My first exposure to the duo’s “old is new” philosophy was at the 2014 Venice Architecture Biennale, when they installed the Glass Tea House Mondrian on the island of San Giorgio Maggiore. Sugimoto, who wrote all the project descriptions in this monograph, says he designed the tea house based on Sen no Rikyu’s 16th-century tea house in Kyoto but “also transmuted the introspective, closed space into its exact opposite: a free, open space with walls of glass.” The glass box, propped on legs in a shallow pool and reached by stone and wood steps, was definitely an odd presence in Venice (third spread, below), as it was most likely in Versailles. Recently it was moved to the Kyoto City KYOCERA Museum of Art, the last stop on its three-city tour, where it’s a bit more in its element. Whatever its context, the Glass Tea House Mondrian illustrates Sugimoto and Sakakida’s willingness to merge tradition and modernity; put another way, there doesn’t appear to be any either/or thinking in their work.
Of the dozen projects documented in the “Concepts and Works” chapter, the one that grabbed my attention the most is the Private Residence Ukitsubo, also called “The Floating Inner Garden” (second spread). The project is a full-floor residence in one of the top floors of 432 Park Avenue, the supertall skyscraper designed by Rafael Viñoly with 10-foot-square windows set in a grid of concrete columns and beams. In theory, the repetitive frame that is the setting of the apartment is not unlike the galleries of MCA Chicago, where grids were also in abundance. Sugimoto actually sees the square frames of the Manhattan skyline and distant horizon as similar to his work, specifically the Seascapes series. So his main insertion into the space are shoji screens at the windows, one lower and one upper, such that closing the former would allow the sky to be framed, while closing the latter would invert the effect and focus views on the surrounding buildings. Elsewhere in the residence are a bonsai garden, a tea room with tatami mats, huge stones in the “his” master bath’s rain shower, and other elements that comprise “a Japanese space” in the New York high-rise.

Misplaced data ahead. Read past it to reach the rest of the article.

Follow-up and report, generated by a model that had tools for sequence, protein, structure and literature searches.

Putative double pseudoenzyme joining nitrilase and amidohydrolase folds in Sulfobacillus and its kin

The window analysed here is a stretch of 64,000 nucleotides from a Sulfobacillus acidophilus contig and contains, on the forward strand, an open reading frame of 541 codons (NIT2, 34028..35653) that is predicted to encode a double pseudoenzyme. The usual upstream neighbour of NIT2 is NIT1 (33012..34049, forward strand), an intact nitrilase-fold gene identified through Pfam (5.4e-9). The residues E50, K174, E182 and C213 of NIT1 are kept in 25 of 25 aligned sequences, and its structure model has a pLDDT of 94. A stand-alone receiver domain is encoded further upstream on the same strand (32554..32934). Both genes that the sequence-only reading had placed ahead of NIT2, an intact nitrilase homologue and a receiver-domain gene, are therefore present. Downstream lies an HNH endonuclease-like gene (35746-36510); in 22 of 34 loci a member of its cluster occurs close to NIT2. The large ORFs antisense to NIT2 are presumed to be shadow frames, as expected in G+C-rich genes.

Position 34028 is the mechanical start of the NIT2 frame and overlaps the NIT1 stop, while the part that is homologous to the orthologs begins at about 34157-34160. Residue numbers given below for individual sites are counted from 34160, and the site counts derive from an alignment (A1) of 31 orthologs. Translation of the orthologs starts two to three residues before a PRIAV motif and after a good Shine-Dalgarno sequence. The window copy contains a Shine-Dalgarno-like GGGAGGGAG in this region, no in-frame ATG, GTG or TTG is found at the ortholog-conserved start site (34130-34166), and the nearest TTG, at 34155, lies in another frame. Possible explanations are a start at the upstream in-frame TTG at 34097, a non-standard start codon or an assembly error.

Two more chapters follow the 160 pages of “Concepts and Works”: “Materials and Techniques” and “List of Works with Plates.” The latter (fourth spread) is a welcome chapter, as it features consistently rendered drawings and additional text on the projects from earlier in the book, such as the residence in 432 Park Avenue, as well as including more projects that are not in the works chapter. But it’s the in-between chapter on the materials and techniques deployed by Shinsoken that is the most philosophical, and therefore potentially most important, in the book. Sugimoto and Sakakida describe in words how they use “techniques on the verge of being forgotten” and “materials that demand high levels of artisanal skill,” while the photographs convey the results: carefully composed and controlled environments crafted from natural materials. Old may be new, but only, it appears, in the service of minimalist settings free of clutter and other signs of contemporary life.
* Syndicated content from A Daily Dose of Architecture Books.